There have been many articles discussing the ideal product page on Amazon (and to a slightly less degree other retailers). The advice typically recommends having a certain number of images, bullet features, description length, etc. In the case of Amazon specifically, most folks would also recommend having an A+ page (or EBC for brands on Seller Central). We think this advice is great and in fact even make it easy to track these guidelines for your own content via Copybox, our content monitoring tool.
However for this post I wanted to explore what’s actually available now on Amazon. To that purpose, we examined 30,000 product pages across multiple categories and examined the number of images, features, description length, title length, and page types (A+, etc.).
How many Images are There?
Let’s take a quick look into the number of images a typical product page has.
Surprisingly what we see is that the largest number of listings only include a single image. Typically you’ll want to see at least two to three images, so it looks like there’s still quite a bit of work to do. The good news is that the rest of the product pages have somewhere between two and seven images.
How about the number of feature bullets? Here the picture looks a bit different. We can see right away the greatest number of pages has five feature bullets (about a third).
This is a pretty good result as most people advise having approximately five bullets. About two-thirds of the pages have five or more so overall most of the pages surveyed are in pretty good shape. Even the ones with fewer than five have mostly three or four so not too bad. Unfortunately about ten percent of the pages either only have a single feature or no features at all.
What about the title length? We often see recommendations that brands utilize the maximum 500 character length for the product titles. This makes a lot of sense since a great title can helps customers understand what they’re purchasing and improve overall discoverability.
For this analysis, we binned the title length by ten characters. So, for example, the first bin includes pages that have a title between zero and ten characters. The second bin includes pages between ten and twenty characters, etc.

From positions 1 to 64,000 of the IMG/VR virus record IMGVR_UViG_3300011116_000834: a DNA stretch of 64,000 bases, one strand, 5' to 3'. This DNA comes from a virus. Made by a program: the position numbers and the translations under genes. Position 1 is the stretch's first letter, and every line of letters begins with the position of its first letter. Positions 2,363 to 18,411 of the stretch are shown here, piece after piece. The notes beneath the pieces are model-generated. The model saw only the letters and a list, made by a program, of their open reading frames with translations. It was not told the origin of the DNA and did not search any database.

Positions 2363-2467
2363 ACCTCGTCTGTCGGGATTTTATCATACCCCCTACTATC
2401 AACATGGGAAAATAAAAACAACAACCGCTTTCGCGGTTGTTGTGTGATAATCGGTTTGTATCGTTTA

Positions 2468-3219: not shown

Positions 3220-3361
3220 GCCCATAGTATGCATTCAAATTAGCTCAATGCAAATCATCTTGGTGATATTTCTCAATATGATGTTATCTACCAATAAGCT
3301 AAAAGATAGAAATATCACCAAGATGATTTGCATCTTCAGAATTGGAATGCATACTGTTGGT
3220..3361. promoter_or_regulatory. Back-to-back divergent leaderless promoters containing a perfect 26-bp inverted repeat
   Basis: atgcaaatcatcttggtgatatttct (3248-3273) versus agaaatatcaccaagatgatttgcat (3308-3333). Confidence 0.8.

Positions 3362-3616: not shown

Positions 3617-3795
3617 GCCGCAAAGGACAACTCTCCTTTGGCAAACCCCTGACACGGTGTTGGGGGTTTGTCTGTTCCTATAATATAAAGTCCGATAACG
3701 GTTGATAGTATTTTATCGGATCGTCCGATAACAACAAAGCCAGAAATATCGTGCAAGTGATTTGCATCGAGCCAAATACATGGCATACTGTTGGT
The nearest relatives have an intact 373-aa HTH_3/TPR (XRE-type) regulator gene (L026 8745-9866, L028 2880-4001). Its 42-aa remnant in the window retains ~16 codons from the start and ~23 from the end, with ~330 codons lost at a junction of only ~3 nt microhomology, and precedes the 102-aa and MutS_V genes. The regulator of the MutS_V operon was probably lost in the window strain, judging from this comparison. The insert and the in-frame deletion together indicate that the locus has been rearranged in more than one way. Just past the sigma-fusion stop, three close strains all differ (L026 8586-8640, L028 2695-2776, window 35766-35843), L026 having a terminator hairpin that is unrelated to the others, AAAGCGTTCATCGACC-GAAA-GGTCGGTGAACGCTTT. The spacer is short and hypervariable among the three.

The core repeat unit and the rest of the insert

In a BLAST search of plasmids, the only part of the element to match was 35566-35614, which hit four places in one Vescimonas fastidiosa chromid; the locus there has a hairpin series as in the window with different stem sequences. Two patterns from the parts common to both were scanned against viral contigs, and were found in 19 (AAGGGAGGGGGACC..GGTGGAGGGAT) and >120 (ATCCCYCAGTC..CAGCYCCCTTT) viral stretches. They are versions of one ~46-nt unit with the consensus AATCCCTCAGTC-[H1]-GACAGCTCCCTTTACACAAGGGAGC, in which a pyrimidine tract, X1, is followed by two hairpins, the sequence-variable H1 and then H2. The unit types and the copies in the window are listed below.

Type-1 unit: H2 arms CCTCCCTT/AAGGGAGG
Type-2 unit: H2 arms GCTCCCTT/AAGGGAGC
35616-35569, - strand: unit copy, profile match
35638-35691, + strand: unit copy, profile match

What we see here is a smoother gradation than the previous image and feature analysis. A large number of products have between 30 and 80 characters. Here’s a great example from Peet’s Coffee that has exactly 80 characters.
Peet's Coffee Peetnik Pack Brazil Minas Naturais, Medium Roast, Ground 20oz. Bag
So while most products don’t take advantage of the full 500 character limit, most of the titles are of fairly reasonable length (with perhaps a tendency to be on the shorter side).
Amazon provides vendors and sellers with the ability to create enhanced content that includes additional space for images and a more detailed description. On Vendor Central this program is called A+ while for Seller Central this program is known as Enhanced Brand Content (with the note that EBC is more limited than A+).
While it does cost extra for brands to create these special pages, it does present an opportunity for brands to showcase their products in more detail and may lead to increased sales. So approximately how many pages have this extra content?
We can see that slightly more than 25% of the pages are either A+ or EBC. Overall not too bad, but clearly there’s some room for improvement here.
Now let’s taker a look at the actual product descriptions. Specifically let’s take a look at the overall length of the description. To simplify matters we’ll just focus on the non-enhanced pages (i.e., plain pages).
Like the title analysis, we’re going to group the lengths into bins of 100 characters. So that means the first bin will include pages that have between zero and 100 characters, etc.
We can immediately see that a large number of products have between 100 and 300 character descriptions. While Amazon does allow for longer descriptions anything between 300 and 400 characters is probably ideal. So overall it looks like many descriptions are erring on the slightly shorter side.
In this post we examined the product pages for 30,000 products on Amazon. We took a look at the number of images, bullet features, title length, page types, and description length. Overall the number one thing that needed improvement was the number of images, with a significant number of products having a single image. With respect to the other content elements, most products had slightly less than ideal content. Most weren’t in terrible shape so just a bit more work should get those pages in shape.
Thanks for reading, and if you have any questions or if any of this analysis piques your interest just send us an email at firstname.lastname@example.org.